Some little children seem to know what they want to say, but it is really hard for them to get their mouths to cooperate! They say few words, and the ones they say are pretty difficult to understand. This may be due to a difficulty coordinating the movements for speech. See if these suggestions help:
- Pick a few words and short phrases to model during an activity.
- Say them as often as you can.
- Say them slowly. Occasionally say them very slowly.
- If your child makes a sound, repeat it. If they say a word, repeat it correctly.
- If they say a few words, do activities that encourage them to say those words. If they say “Mom” and “Dad,” look at photos of “Mom” and “Dad” together. If they say “eyes,” look at lots of creatures together, pointing to their eyes.
- Reduce pressure to talk. One way to do this is to ask fewer questions.
- Start sentences for your child to complete: “Oh look! It’s a _____” is easier and more encouraging than “What’s that?” for many children. If you don’t get an answer you can finish the sentence yourself and keep playing.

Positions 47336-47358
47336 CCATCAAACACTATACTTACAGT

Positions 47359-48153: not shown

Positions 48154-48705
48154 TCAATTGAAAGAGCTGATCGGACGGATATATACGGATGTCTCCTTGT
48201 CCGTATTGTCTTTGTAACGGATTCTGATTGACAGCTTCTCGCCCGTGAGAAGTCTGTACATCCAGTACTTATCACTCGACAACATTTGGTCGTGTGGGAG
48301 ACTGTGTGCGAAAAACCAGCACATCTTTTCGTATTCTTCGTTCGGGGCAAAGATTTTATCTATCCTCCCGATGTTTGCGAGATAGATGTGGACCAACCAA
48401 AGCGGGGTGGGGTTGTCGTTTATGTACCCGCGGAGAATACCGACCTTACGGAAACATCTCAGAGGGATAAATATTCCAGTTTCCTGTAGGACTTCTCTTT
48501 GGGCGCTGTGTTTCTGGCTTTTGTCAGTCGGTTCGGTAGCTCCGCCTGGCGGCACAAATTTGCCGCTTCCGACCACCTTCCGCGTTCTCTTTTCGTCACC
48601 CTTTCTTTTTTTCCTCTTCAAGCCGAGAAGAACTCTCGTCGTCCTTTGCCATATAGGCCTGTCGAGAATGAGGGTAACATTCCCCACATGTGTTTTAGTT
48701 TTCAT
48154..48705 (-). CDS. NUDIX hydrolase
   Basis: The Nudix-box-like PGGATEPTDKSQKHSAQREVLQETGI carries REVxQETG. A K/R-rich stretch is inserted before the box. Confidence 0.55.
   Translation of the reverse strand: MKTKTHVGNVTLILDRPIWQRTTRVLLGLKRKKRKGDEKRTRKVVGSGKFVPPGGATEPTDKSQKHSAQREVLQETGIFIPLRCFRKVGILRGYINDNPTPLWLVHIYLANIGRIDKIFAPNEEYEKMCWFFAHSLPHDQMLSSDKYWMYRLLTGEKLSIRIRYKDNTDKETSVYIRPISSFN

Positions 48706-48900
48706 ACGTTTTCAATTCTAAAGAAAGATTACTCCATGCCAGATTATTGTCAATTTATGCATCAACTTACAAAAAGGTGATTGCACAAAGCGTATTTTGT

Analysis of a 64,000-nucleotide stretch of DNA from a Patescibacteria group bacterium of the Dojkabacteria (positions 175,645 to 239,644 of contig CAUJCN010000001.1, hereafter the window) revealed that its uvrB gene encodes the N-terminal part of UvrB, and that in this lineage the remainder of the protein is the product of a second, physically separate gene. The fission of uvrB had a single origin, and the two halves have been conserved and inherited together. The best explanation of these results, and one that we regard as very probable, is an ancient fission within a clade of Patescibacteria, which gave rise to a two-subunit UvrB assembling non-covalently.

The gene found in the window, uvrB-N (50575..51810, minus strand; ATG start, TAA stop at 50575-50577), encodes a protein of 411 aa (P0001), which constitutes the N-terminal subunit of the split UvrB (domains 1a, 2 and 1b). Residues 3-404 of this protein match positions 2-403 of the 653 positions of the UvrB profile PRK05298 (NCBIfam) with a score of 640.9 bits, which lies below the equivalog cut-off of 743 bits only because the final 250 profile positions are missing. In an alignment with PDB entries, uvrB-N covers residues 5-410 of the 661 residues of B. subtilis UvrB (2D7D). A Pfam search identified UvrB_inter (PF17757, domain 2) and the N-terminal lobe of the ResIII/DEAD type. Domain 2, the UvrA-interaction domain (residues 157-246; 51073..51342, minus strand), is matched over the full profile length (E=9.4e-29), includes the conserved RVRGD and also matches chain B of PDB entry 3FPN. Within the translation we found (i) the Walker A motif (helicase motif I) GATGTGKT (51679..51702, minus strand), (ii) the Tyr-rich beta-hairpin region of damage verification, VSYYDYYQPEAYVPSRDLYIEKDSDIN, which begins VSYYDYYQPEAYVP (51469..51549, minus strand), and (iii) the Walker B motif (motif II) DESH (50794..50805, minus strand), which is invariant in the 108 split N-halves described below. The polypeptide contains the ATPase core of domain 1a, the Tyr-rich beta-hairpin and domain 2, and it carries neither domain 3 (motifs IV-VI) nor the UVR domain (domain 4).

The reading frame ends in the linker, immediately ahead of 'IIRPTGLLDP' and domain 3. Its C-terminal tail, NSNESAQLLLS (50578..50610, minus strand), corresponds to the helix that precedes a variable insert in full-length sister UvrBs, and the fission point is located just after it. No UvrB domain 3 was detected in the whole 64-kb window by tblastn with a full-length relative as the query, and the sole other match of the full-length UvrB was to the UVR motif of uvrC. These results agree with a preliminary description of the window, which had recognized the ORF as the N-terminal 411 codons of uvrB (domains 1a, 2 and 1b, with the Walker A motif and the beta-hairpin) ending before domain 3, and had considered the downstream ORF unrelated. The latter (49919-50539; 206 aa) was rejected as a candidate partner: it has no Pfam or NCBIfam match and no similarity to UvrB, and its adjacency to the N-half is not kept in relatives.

- Pause frequently, so that your child can choose whether or not to take a turn.
- Watch them closely and interpret their gestures and sounds. Model what they seem to be saying, without asking them to say it.
- Sing songs, do nursery rhymes and read simple books – the same ones as often as possible, and as slowly as possible. Slowing down reduces pressure and makes it easier to coordinate the movements for speech.
Remember that children need some down time to relax and consolidate their learning. If they are not having fun, it’s time to stop!